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Home : News
NEWS | Nov. 18, 2013

Kentucky MPs provide warm winter clothing to Afghan children

By Staff Sgt. Andrew Short 1103rd Military Police Detachment

BALKH PROVINCE, Afghanistan - Soldiers of the 1103rd Military Police Detachment out of Brandenburg, Ky., paid a visit last month to an orphanage in northern Afghanistan with some much-needed items of comfort.

The unit, led by Sgt. 1st Class Brian Gillock, assisted in a humanitarian mission in preparing children for the harsh winter looming in the near future.

The team arrived in a multi-vehicle convoy loaded with an assortment of winter coats, hats, gloves, candy, and stuffed animals all generously donated by the Jacob Sexton Memorial Afghan Children's Coat Drive.

The drive collects coats to send to children in Afghanistan in honor of Indiana Army National Guard Spc. Jacob Sexton, an Iraq and Afghanistan war veteran who died in October, 2009.

"There are few more worthy investments than those we make toward children," said Staff Sgt. Bradford Stone, a member of the 1103rd security team. "This was one of the most rewarding missions I've had the privilege to experience."

Rohahza Akbary, principal of the Balkh Orphanage, welcomed the team with warm cups of chai.

Akbary led the team in to a large corridor filled with a variety of smiling children of all ages. The children grew quiet and curious as box after box was brought into the room. As the boxes were opened, their cautious curiosity was quickly replaced with joy and laughter as the gifts were revealed.

"I have to echo what other Soldiers have said, this is truly one of the most rewarding experiences since arriving here in Afghanistan," said Maj. Gregory Jefferson. "The children were very happy to receive new clothing and you could see the appreciation in their faces. It was great."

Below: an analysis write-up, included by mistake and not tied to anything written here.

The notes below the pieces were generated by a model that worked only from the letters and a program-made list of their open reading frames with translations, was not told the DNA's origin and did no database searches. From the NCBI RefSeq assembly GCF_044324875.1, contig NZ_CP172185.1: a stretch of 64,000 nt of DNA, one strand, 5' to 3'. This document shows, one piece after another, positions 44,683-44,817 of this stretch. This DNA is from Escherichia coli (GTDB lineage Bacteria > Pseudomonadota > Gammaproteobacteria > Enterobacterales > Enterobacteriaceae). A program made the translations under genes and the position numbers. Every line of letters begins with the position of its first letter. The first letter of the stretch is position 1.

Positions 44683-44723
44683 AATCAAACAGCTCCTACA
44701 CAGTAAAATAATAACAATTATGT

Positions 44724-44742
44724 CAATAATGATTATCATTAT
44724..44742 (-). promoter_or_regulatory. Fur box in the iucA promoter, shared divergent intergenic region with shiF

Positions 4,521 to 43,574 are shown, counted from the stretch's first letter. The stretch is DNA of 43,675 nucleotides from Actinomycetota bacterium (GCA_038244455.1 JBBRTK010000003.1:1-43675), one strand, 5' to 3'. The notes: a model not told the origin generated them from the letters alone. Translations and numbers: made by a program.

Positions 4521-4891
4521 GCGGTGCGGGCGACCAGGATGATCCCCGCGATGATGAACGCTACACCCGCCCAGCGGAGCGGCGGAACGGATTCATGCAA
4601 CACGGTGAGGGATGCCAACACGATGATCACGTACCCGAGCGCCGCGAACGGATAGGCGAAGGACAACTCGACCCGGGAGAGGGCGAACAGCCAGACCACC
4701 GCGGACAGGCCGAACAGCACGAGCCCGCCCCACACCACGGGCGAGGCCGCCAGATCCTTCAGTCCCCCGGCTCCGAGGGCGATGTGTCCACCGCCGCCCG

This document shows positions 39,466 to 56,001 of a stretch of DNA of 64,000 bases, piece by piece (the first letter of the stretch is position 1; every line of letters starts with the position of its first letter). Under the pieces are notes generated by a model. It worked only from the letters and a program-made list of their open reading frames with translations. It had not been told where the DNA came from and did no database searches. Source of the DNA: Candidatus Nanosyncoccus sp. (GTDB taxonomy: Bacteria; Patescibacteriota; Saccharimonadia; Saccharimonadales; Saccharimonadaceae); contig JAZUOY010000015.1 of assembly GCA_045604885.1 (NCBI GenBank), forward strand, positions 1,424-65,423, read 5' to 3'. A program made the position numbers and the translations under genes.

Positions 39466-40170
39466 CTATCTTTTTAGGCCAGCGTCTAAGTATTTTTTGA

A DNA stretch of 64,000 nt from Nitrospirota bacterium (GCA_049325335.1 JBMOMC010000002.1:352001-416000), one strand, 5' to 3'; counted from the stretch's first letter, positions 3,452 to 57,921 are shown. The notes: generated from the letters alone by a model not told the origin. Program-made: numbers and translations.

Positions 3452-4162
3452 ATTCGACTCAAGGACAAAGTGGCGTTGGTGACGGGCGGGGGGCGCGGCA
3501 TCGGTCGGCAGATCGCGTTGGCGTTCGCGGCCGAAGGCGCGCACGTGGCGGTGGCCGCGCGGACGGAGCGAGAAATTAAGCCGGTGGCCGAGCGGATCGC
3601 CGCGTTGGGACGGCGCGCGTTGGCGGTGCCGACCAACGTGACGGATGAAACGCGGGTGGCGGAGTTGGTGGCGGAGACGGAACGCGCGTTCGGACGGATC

As the children settled into their new winter gear, their curiosity grew stronger. The children began to mingle with the Soldiers, pointing up at their uniforms and giving them their best "thumbs up with a smile." One little girl managed to utter the words "thank you" in her best English. Akbary informed the troops that dinner time was approaching and that she must prepare the children to eat.

"It was a most fulfilling experience, getting an opportunity to play with the kids and all. I wish we could do this more often," said Spc. Jacqueline Voss.
The children waved their goodbyes, some with bright smiles and others with a mouth full of candy.

The Soldiers of the 1103rd loaded up their trucks and left the orphanage with peace of mind, knowing that for at least one more winter, the children would have something to keep them warm.

"It was an honor to take the lead for such a noble cause," Gillock said. "Often the people of Afghanistan don't interact with the U.S., especially in the north. If this is their sole interaction with us and it's this positive, while they receive needed coats and articles for warmth, then we are all truly winners in this conflict."